The actions of Australian cricket captain Steve Smith and his leadership group, who encouraged their promising young opening batsman Cameron Bancroft to tamper with the ball, have seriously damaged the sport.
Bancroft was caught scraping the ball with a flat yellow object, which he then hid in his underwear, as the cameras rolled during the Test between Australia and SA at Newlands in Cape Town on Saturday.
For the uninitiated, Bancroft was altering the state of the ball to allow it to swing more prodigiously, an action that was likely to affect the outcome of the game by making batting exponentially more difficult.
It is worth noting that Australia has become very good at inducing the ball to reverse swing in recent Test series, suggesting that such practices may have been going on for some time.
The cheating has been condemned, and Smith has lost the captaincy. But the damage that this incident has done to the game is enormous.
By mollycoddling players from the top three, administrators have kept their hands on the revenue and continue to control the game. But this is a short-term strategy, which has now led to huge damage to the sport’s credibility
The appeal of Test cricket is that it is the ultimate test of skill against skill. It plays out over five days, allowing talented players to express themselves in a way in which shorter formats of the game do not. Test matches ebb and flow and their course may be affected by the great skill or courage of a player in a way in which no other sport allows.
But dwindling audiences, shortening attention spans and the inability to compete with the riches attracted by the one-day and T20 versions have begun to take their toll.
What Smith, Bancroft and company have done is to attack the only good argument for going on with the five-day game: that it is the supreme test of skill against skill.
Why did they do it?
The simple answer is the mounting pressure to produce results. Cricket has come to be dominated by England, Australia and India. They rule the roost because they bring the biggest television audiences and attract the big sponsorship money.
To retain control and the revenue that flows from that, their sides have to keep winning.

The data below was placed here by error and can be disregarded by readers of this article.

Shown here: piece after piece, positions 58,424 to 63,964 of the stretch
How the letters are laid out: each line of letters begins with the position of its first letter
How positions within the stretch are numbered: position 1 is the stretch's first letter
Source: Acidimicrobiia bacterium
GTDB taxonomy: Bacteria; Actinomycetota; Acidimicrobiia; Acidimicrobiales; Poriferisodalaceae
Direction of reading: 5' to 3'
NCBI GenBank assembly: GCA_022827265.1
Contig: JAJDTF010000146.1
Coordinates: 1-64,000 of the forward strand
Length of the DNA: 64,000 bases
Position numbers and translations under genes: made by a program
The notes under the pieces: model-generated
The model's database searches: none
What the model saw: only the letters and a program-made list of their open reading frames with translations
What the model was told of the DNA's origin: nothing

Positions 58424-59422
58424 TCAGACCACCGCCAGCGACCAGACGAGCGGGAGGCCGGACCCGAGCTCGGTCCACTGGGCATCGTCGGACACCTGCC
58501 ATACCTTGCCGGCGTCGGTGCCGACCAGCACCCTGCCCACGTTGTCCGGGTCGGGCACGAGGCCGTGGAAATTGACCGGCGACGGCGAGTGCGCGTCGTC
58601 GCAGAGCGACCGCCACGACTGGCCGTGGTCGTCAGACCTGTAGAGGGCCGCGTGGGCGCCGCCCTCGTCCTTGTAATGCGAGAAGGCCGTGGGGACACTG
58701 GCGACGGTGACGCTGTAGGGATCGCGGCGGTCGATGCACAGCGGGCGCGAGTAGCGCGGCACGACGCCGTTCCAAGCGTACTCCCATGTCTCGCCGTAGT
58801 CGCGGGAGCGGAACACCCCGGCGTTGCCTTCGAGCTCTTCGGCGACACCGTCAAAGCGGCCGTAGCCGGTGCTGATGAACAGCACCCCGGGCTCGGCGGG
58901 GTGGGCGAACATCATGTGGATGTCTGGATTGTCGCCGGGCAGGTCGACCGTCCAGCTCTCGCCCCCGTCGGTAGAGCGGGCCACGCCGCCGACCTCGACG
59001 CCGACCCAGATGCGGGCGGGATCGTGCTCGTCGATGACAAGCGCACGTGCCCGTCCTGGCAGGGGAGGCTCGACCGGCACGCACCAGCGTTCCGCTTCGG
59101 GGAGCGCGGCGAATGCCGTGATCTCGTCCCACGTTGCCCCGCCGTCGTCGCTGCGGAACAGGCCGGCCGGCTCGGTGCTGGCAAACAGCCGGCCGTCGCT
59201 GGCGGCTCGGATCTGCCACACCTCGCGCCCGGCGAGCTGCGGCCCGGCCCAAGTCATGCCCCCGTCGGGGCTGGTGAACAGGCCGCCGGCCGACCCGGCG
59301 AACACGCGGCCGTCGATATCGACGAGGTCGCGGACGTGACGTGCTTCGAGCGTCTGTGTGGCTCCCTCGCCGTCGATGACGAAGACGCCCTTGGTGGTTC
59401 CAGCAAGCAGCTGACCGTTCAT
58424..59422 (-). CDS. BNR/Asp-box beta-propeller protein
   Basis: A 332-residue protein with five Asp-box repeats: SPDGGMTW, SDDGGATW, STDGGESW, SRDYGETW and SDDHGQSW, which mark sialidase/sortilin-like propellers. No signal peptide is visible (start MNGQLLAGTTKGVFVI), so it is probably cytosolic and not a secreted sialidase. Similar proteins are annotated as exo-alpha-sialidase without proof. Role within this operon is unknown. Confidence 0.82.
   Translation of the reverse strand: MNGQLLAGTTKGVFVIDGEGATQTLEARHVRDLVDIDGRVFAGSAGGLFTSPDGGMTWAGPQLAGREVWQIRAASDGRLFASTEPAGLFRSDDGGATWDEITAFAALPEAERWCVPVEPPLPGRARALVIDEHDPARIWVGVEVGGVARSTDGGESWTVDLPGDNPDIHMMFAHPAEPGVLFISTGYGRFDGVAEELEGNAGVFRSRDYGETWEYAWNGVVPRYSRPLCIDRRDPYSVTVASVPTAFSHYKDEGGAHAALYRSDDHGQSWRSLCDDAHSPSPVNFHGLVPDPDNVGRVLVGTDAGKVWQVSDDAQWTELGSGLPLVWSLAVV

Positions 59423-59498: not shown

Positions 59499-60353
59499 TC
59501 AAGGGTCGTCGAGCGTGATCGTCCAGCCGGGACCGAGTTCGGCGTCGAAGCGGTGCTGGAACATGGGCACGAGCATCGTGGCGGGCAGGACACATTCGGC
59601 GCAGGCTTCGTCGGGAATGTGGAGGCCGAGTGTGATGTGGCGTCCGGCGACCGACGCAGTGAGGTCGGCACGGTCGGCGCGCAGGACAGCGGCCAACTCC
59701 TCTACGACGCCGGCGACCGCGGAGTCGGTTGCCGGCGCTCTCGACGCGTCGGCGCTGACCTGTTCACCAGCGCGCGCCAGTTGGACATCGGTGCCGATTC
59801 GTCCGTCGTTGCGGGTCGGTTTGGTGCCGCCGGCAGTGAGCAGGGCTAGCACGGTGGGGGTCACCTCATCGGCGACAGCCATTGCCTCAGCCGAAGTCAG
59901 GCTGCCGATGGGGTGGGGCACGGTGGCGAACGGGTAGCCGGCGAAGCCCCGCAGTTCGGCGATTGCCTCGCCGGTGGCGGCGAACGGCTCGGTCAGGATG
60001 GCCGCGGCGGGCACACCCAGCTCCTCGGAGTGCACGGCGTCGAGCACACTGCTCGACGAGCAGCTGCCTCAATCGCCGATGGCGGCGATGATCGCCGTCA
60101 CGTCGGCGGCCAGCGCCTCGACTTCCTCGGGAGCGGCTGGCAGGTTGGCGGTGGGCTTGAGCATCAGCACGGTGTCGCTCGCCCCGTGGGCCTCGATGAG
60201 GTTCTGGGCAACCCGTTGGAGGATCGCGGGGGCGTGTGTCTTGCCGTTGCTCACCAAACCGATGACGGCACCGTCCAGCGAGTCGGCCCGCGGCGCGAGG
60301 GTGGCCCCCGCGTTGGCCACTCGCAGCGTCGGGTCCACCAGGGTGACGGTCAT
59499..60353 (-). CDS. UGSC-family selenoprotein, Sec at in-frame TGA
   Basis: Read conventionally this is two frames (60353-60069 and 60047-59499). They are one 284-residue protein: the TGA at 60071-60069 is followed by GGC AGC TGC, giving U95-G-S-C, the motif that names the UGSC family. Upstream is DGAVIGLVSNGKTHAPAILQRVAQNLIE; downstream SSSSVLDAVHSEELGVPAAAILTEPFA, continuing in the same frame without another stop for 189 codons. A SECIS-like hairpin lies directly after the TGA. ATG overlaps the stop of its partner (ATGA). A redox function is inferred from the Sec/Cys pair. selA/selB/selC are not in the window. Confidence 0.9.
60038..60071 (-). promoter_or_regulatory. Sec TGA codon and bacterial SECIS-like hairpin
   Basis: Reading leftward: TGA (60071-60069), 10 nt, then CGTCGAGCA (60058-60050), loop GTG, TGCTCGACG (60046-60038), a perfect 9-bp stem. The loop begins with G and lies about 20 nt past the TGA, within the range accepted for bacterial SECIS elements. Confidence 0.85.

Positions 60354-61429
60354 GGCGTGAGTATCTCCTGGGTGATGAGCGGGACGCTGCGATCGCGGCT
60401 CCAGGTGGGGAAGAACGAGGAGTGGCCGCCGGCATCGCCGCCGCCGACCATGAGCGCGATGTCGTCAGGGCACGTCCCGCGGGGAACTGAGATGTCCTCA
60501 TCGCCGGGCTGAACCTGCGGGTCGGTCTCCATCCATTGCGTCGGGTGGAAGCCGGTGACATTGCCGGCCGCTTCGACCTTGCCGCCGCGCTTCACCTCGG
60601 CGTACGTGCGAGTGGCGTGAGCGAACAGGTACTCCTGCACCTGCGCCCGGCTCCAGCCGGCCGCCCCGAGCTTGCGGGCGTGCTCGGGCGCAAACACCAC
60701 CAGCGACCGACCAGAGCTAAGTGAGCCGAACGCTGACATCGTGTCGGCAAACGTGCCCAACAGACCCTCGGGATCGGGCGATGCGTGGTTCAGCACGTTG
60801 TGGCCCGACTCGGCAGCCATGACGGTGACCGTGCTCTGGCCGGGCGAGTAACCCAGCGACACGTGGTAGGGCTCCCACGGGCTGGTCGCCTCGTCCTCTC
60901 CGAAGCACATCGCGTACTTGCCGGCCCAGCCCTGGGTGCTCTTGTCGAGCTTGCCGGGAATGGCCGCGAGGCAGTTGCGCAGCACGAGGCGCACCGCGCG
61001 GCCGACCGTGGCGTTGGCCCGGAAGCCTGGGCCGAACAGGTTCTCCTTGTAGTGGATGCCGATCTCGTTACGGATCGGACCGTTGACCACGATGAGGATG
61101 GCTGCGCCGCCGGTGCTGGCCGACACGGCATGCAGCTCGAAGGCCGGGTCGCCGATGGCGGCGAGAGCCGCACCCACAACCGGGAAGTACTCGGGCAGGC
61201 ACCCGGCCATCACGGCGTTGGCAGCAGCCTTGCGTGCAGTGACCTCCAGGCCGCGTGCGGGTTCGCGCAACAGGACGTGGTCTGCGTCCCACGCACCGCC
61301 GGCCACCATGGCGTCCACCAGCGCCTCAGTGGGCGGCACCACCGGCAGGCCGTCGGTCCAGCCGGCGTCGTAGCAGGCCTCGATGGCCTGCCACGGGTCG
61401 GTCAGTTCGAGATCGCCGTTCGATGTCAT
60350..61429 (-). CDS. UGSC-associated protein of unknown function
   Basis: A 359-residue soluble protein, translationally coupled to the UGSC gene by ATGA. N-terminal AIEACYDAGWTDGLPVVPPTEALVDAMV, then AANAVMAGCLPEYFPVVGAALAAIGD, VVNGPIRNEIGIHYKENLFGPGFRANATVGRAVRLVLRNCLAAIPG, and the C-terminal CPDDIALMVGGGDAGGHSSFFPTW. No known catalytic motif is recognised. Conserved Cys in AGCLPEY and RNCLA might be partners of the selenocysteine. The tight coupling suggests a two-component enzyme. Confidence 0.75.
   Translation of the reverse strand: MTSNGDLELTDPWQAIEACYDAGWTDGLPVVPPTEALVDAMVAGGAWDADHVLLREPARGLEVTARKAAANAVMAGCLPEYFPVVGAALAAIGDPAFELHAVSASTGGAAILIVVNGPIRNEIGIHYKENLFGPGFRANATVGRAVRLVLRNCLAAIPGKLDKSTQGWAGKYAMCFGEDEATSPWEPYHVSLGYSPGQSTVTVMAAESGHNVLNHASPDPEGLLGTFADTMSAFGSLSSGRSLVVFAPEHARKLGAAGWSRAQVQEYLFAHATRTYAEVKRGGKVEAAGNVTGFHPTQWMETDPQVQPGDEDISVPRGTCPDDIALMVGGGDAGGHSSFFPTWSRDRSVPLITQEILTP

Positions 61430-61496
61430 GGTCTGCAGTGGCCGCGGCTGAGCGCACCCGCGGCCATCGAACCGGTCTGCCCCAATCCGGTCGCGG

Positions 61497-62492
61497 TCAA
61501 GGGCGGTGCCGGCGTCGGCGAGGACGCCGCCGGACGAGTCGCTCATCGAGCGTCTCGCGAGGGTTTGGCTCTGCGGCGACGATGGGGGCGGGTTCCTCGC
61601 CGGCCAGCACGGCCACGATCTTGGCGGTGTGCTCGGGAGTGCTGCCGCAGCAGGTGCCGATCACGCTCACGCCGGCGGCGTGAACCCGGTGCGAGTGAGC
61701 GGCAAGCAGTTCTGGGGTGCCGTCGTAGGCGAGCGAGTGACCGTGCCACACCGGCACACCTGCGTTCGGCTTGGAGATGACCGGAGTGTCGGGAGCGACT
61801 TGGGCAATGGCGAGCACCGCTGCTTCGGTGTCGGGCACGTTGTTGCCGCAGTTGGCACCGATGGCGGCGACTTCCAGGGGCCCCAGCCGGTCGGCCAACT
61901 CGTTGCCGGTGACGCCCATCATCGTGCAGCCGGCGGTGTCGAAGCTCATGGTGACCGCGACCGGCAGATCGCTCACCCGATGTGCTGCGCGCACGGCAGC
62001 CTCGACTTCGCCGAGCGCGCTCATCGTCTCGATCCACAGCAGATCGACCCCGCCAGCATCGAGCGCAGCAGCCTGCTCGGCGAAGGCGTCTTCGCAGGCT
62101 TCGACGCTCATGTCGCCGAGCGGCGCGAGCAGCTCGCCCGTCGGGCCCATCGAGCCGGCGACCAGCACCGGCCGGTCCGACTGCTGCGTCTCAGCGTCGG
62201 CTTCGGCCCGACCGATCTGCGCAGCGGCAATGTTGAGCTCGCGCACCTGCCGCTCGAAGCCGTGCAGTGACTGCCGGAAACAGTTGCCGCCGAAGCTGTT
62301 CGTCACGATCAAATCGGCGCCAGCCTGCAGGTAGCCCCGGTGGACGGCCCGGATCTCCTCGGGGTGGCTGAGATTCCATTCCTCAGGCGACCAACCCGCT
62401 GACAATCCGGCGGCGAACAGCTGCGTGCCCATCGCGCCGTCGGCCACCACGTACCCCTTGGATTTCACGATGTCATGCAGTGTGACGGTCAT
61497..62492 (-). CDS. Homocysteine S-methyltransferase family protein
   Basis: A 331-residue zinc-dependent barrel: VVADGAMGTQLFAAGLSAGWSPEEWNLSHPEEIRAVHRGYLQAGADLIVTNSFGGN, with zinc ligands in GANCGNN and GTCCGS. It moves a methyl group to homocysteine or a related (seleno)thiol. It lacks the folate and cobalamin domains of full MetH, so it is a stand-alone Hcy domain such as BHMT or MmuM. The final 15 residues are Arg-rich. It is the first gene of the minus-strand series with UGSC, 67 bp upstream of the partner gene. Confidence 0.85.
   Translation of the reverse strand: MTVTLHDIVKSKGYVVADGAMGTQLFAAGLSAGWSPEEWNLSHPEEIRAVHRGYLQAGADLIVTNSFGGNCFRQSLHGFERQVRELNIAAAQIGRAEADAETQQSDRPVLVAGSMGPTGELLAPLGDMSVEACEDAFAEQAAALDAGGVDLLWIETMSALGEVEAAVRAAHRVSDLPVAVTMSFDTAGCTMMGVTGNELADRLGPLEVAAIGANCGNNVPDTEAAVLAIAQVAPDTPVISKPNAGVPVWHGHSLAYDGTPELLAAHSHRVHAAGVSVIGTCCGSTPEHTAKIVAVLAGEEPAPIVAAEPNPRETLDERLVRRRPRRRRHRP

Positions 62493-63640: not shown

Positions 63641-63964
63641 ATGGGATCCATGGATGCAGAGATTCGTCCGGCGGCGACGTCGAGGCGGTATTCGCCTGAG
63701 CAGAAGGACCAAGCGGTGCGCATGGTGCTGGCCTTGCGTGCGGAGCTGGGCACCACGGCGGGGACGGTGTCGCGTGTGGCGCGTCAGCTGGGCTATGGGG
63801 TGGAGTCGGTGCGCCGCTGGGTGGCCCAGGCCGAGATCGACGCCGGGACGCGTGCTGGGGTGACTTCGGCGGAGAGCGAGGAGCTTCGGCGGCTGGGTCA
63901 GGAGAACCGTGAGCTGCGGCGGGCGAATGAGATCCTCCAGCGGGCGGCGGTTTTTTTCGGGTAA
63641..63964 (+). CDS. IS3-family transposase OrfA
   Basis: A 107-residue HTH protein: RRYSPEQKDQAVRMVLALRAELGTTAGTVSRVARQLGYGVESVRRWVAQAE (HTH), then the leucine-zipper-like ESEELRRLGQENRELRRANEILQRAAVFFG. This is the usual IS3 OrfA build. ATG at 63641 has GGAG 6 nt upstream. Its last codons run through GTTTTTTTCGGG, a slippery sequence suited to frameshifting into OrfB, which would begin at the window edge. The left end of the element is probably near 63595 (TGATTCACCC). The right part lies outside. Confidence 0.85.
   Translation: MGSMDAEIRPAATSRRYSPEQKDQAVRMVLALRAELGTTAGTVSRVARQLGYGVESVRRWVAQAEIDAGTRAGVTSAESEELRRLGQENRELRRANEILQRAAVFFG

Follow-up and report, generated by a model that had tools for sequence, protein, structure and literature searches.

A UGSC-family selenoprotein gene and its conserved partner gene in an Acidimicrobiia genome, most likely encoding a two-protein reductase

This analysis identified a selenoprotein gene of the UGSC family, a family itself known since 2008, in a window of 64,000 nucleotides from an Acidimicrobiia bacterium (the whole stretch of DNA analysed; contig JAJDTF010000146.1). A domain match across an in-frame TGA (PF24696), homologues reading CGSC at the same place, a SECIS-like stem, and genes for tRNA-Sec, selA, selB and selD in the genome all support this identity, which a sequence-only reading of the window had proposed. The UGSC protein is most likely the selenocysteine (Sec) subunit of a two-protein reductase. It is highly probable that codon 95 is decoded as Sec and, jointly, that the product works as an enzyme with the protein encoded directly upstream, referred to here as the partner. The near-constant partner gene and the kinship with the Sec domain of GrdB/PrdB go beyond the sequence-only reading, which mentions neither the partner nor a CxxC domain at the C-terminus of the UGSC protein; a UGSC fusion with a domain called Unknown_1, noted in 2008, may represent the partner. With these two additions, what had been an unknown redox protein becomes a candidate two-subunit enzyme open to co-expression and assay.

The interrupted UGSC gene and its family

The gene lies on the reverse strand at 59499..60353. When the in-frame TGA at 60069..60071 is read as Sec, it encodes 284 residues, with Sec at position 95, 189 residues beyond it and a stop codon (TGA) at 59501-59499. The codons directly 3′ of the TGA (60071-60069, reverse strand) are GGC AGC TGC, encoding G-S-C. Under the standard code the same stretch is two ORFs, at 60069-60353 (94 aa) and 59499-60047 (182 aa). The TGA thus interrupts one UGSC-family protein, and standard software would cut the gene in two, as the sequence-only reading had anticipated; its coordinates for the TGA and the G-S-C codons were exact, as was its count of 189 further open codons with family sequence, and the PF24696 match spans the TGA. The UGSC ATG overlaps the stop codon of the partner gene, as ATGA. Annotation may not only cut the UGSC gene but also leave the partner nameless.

This layer of pressure, added to the great rivalry between SA and Australia, has resulted in some very talented young players making very bad decisions. Winning at any cost appears to have been the rule of thumb.
This has been encouraged by the fact that the international cricketing authorities are more inclined to turn a blind eye to misbehaviour from the spoiled players of the top three nations.
Kagiso Rabada, who is recognised as the world’s number one Test bowler, was fired up after a display of brilliant skill when he brushed shoulders with Smith in the previous Test. This offence came very close to resulting in a two-match ban as Rabada had been warned about similar incidents before.
By contrast, Bancroft has not even been banned for a match, and Smith has got a one-match sentence for the much more shocking ball-tampering offence.
David Warner, who screams abuse at opposition players from the slips throughout the day and who had to be restrained from physically assaulting Quinton de Kock during the previous Test, is unscathed.
By mollycoddling players from the top three, administrators have kept their hands on the revenue and continue to control the game. But this is a short-term strategy, which has now led to huge damage to the sport’s credibility.
The repercussions of this scandal have only just begun to be felt. Australian Prime Minister Malcolm Turnbull was moved to say: "Our cricketers are role models and cricket is synonymous with fair play. How can our team by engaged in cheating like this? It beggars belief."
That’s right — so low has cricket sunk that the politicians are lecturing its players on ethics.